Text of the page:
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Discussion Starter #1
I've read somewhere around here that you can crush your fuel pressure regulator to increase fuel pressure. It also mentioned that it takes some time for the trionic unit to adjust to the increased pressure and richer fuel mixture. My '87 is jetronic. Will it adjust in the same manor or will other adjustments be required?
 

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Why crushing your FPR? you could just pick one from any N/A Saab in a junkyard, they all should be 3.0 bar when yours is 2.5 AFAIK.

Crushing as always a risky operation, and it's not reversible.

Your car isn't Trionic. You need no adaptations nor adjustments

The 3.0 FPR is a good bas to start to raise the boost, tweaking the APC

Be aware that fuel economy wouln not be as before.

But if you're not happy with the new setup, you shouls have the old one to but back in...
 

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Discussion Starter #3
So you're saying that I can get one from a later engine and it would be pre-set at the higher 3.0 level? If I'm understanding you correctly (and I may not be) that would be a breeze, not to mention cheap.

Grazie, Stefano
 

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There are several companies here in the States that offer an LH fuel injection chip. Couple this with an APC chip and the Normally Aspirated (NA)fuel pressure regulator at 3.0bar and you should have no fuel delivery problems up to about 250hp. If you go above that figure,I believe that a rising rate FPR would be needed along with larger injectors. Just a thought.
 

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So you're saying that I can get one from a later engine and it would be pre-set at the higher 3.0 level? If I'm understanding you correctly (and I may not be) that would be a breeze, not to mention cheap.[/b]
Almost there . Any injected non turbo Saab (900 or 9000) should have a 3.0 bar FPR stock. So it's not a matter of vintage, but whether the engine is turbo or not. So you can find one for cheap in any junkyard, if you have saab ones in your zone.
Sorry if I wasn't clear in the first time.

Wouldn't it run rich, Stefano? Will the '87 LH injection be able to adjust the mixture to cope with the different pressure like Trionic does?  [/b]
Yes, it would, but only at full throttle, where before it was a bit lean. O2 sensor would help LH injection to keep things on the right side. If your car wasn't catalyzed, so no O2 sensor like mine, (but I don't believe so because you're in US), yes it would run a bit rich but it just should affect mileage. Stock injections are always a bit on the lean side, and it's always better being rich than lean. In every sense... .

I did not do it in my car because I run on LPG, but I read lot of people on TSN doing it. Anyway, I could be totally wrong, because it's not experience of mine...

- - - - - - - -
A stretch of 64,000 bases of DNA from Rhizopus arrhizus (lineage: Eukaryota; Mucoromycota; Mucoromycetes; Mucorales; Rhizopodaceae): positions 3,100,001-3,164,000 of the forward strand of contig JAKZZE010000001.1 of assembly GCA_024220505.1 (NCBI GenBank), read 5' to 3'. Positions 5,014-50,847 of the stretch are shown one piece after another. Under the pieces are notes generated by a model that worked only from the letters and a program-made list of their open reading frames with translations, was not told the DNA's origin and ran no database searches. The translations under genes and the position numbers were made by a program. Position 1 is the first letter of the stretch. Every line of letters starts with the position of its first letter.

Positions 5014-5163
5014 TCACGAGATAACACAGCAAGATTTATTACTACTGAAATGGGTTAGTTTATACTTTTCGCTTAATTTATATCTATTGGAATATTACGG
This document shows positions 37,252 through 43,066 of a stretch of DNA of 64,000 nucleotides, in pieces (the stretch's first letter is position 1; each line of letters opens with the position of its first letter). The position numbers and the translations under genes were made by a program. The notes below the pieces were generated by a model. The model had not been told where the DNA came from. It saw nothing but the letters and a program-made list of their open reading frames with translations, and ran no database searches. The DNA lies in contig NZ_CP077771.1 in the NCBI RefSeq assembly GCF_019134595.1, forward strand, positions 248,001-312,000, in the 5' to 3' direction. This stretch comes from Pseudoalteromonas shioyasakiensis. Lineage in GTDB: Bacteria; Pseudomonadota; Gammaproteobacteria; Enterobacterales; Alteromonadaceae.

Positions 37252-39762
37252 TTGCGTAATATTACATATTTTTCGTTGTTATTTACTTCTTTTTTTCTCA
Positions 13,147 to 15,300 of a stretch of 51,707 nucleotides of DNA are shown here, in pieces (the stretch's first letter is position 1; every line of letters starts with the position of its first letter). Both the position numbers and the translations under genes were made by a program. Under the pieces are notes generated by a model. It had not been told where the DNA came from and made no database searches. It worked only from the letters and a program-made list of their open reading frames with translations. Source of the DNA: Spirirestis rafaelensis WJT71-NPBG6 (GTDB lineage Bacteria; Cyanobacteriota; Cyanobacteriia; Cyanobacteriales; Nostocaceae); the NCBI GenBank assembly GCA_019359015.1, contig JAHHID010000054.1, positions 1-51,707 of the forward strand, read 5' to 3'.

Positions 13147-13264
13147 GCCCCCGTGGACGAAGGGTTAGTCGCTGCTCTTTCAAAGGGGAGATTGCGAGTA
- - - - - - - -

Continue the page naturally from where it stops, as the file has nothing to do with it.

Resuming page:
What a pleasure being allowed to quote other boards without getting banned is!
 

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Discussion Starter #7
Thanks again, Stefani! A partially parted 900 sits at my friends house right now. That's a freebie! I'll let you know what happens. Still fighting my idle problem though but getting closer.
 

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A similar question - is it a "good thing" to fit a rising rate FPR to a turbo engine?

I seem to remember reading somewhere that it could create problems, but as I had an NA car at that time I didn't take much notice.

Cheers

Alyn
 

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a rrfpr seems to be a good mod for the t16 but I have not heard of anyone fitting it to a trionic...
I fitted one to my t16s and it seemed a bit more responsive for the short time before one of the fittings broke
 

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The main reason for not fitting it to Trionic is that, as far as I know, all Trionic engines have more than adequate fuel pressure for their standard power output and more. The 9000 turbo, at least the 2.3, has a fuel system that can cope with up to almost 300hp. I would also think that a non-linear fuel pressure with increasing pressure might cause Trionic a little confusion.
 

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I had an RRFPR on my Trionic for a while. It seemed to make a difference to response when I first fitted it, but I've since changed back to a stock unit and can't say I noticed a difference going back...
 

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Originally posted by Stefano:
[qb]Crushing is always a risky operation...
[/qb][/b]
hi,

what is risky about crushing a bosch fpr? the top portion is simply empty space with a spring in it. also, the metal is pretty malleable, and i'd bet that all of the capsules are physically/dimensionally identical, with only the spring rate differing from 2.5 to 3.0 to 3.5 bar, etc., so extra spring force won't compromise the unit.

as long as you don't clamp the lower half by the sides (and the protruding rim in particular), you shouldn't have any problems.

still, the 3.0 is the way to go.

cheers...
 

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Hi Gorper,

welcome to Saabscene

I saied it's a risk because it's not a reversible operation. If you crush too much, you can risk to have a 3.5 or more FPR when all you needed was a 3.0, without possibility to remediate.

Cheers!
 

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Discussion Starter #15
Well Stefano, I got the fpr off a n/a 900 but mine fits directly into the fuel rail with just an o-ring and the 900 one screws into a brass fuel line first. I'm contemplating a way to mod it so I'll let you and everyone know how I solve the problem and how it performs.

Cheers all
 
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